Crown Prosecution Service (CPS) chief information officer David Jones has a lot on. As well as leading a comprehensive...
technology revamp at the CPS he is also behind an IT-led transformation aimed at streamlining and modernising operations across the entire criminal justice system (CJS).
Criminal justice in the UK encompasses six agencies, with core departments including the police, the courts, the National Offender Management Service, the Youth Justice Board and the CPS itself. These bodies are engaged in a project named CJS Efficiency Programme, which will undergo its first review this month.
Jones was appointed director of technology transformation for the CJS project last September, with a brief of ensuring the objectives are met – namely, reorganising the system’s operations and improving use of digital and video technologies.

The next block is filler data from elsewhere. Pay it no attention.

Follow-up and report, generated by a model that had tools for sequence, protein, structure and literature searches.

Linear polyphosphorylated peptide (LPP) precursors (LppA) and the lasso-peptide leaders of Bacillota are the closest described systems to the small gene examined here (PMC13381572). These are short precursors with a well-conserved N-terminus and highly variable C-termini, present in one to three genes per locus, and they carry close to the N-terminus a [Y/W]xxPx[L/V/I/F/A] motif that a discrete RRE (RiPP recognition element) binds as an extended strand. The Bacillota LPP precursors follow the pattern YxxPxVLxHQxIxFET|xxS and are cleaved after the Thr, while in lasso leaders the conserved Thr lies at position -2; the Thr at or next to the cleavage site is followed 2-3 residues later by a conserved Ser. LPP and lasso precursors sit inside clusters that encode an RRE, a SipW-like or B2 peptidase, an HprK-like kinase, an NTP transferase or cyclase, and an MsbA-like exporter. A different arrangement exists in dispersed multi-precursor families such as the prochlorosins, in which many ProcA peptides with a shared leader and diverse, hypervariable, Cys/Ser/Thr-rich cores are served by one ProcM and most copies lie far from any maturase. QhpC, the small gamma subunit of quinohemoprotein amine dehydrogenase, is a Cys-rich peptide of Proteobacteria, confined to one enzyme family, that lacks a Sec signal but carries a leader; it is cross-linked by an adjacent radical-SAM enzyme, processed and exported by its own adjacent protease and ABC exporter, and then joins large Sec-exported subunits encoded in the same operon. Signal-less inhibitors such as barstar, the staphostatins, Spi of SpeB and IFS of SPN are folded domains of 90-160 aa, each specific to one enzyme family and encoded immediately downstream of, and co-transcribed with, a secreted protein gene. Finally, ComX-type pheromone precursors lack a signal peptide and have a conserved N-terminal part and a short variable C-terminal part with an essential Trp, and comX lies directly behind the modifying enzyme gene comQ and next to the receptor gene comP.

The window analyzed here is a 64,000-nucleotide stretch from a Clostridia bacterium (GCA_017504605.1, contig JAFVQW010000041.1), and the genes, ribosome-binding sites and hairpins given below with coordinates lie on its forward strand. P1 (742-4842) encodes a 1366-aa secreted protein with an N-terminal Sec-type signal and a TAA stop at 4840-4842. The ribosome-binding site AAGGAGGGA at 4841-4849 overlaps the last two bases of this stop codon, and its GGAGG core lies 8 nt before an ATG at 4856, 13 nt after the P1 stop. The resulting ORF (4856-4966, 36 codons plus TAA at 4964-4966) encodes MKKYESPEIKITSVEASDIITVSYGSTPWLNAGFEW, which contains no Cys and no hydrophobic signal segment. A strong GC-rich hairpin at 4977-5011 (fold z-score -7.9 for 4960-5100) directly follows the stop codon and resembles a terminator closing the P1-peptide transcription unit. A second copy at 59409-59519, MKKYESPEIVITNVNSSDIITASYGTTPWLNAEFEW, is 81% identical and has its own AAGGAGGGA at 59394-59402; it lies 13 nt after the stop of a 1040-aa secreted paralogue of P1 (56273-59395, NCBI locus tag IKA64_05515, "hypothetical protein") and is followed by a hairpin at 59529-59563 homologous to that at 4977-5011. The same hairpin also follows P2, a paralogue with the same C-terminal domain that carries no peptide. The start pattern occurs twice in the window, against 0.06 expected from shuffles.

A single digital approach
The programme was prompted by the realisation that the various agencies were working towards similar aims and that carrying out the work under a single plan would be far more beneficial.
“The CJS, up to the door of the court, has been largely digitised [and the aim is] to be fully digital by April 2013. It is still work in progress but there’s been significant advancement,” Jones told Computer Weekly.
According to the CIO, the project has been a success in moving criminal justice from a paper-based system towards a predominantly digital service.
There are a wide range of projects going on in CJS bodies such as the police, with the aim of modernising all key processes– from taking statements to using CCTV-based evidence, as well as exchanging information between police forces.
“Nearly all police case load is being served digitally to the CPS and onwards to the magistrates’ court, with detailed plans in place to increase to full digital working over the coming months,” Jones says.